“Through the magic of technology,” writes Sarah Cascone, augmented reality “has done what the FBI couldn’t.”
“Despite the best efforts of the FBI, Boston’s Isabella Stewart Gardner Museum is still without some of the gems of its collection, stolen in one of the world’s most infamous art heists back in 1990,” Cascone continues. “But if investigators have fallen short of recovering the works, a local tech company may have discovered the next best thing: using augmented reality to return the lost paintings to the museum—at least virtually.” To read the full article, click here.
Developed by Cuseum, Hacking the Heist leverages augmented reality to digitally place some of the stolen art pieces back in their frames.
Here’s how it works,” explains Steve Annear. “When a camera on a smartphone or tablet that’s loaded with the company’s app is aimed at the spaces where the paintings were, the images appear on the screen, as if they were actually on the wall.”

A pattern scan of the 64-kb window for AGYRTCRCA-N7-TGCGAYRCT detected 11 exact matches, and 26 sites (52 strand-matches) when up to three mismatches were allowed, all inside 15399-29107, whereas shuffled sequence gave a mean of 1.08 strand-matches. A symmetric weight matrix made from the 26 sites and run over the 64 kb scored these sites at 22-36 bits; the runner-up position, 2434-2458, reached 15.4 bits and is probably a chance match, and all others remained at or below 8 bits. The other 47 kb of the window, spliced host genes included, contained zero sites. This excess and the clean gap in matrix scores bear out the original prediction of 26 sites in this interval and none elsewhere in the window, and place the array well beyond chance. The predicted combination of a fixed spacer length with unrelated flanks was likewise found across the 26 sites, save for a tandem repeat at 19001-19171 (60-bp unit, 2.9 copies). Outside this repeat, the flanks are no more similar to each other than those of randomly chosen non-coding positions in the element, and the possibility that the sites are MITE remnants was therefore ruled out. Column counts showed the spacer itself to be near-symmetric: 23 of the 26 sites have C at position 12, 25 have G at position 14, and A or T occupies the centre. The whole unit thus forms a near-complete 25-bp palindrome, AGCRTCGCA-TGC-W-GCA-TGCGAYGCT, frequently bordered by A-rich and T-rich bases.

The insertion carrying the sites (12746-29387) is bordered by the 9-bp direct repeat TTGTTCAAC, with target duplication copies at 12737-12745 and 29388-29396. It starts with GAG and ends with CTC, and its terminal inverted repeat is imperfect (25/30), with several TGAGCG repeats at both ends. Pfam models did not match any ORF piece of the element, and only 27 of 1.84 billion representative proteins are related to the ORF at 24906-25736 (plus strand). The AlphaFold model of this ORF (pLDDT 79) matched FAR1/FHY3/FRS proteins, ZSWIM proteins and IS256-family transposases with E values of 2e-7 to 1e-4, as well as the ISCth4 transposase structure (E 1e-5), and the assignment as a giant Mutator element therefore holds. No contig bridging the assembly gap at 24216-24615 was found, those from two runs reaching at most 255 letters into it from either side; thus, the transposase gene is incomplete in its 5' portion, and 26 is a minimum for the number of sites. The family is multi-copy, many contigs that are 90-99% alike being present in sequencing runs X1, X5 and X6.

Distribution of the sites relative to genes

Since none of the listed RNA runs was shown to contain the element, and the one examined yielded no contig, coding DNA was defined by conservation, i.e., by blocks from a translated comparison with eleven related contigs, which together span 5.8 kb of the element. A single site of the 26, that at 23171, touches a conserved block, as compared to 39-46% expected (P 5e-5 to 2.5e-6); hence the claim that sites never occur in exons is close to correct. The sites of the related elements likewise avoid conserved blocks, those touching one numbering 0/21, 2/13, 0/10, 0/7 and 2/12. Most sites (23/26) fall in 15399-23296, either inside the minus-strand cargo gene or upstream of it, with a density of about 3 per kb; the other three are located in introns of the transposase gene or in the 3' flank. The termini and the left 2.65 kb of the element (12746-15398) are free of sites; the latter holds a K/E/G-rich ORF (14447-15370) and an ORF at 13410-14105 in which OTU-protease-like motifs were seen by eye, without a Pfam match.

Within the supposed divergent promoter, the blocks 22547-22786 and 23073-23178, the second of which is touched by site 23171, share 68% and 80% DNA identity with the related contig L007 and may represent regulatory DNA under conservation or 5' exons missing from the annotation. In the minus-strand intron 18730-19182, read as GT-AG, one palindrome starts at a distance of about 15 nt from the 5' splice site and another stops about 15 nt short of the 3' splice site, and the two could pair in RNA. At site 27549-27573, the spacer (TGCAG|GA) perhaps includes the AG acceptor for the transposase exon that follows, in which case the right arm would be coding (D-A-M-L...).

“It’s very seamless in that there are no buttons or complicated interface,” Brendan Ciecko, chief executive and founder of Cuseum, tells Annear. “You’re literally holding up your device and overlaying the paintings that would have previously hung in the frames.”
Ciecko tells Swapna Krishna, “Recently, after testing some new prototypes at a local museum and showing my team the results, one of my colleagues suggested the idea of putting the stolen art back in the frames at the Gardner.
“I was psyched to explore this concept further—the opportunity to explore something new, the technological challenge, and the idea of returning something to its rightful home. Additionally, Isabella Stewart Gardner was a true innovator of her time, and what better way to celebrate her pioneering spirit, and return her beloved collection back to its original state, even if only through a digital lens.” To read the full article, click here.
“We hope projects like this inspire people to think of how art and technology intersect, how precious our world’s culture is, and how fortunate we are to have institutions that preserve, protect, and make works available for the public to enjoy.”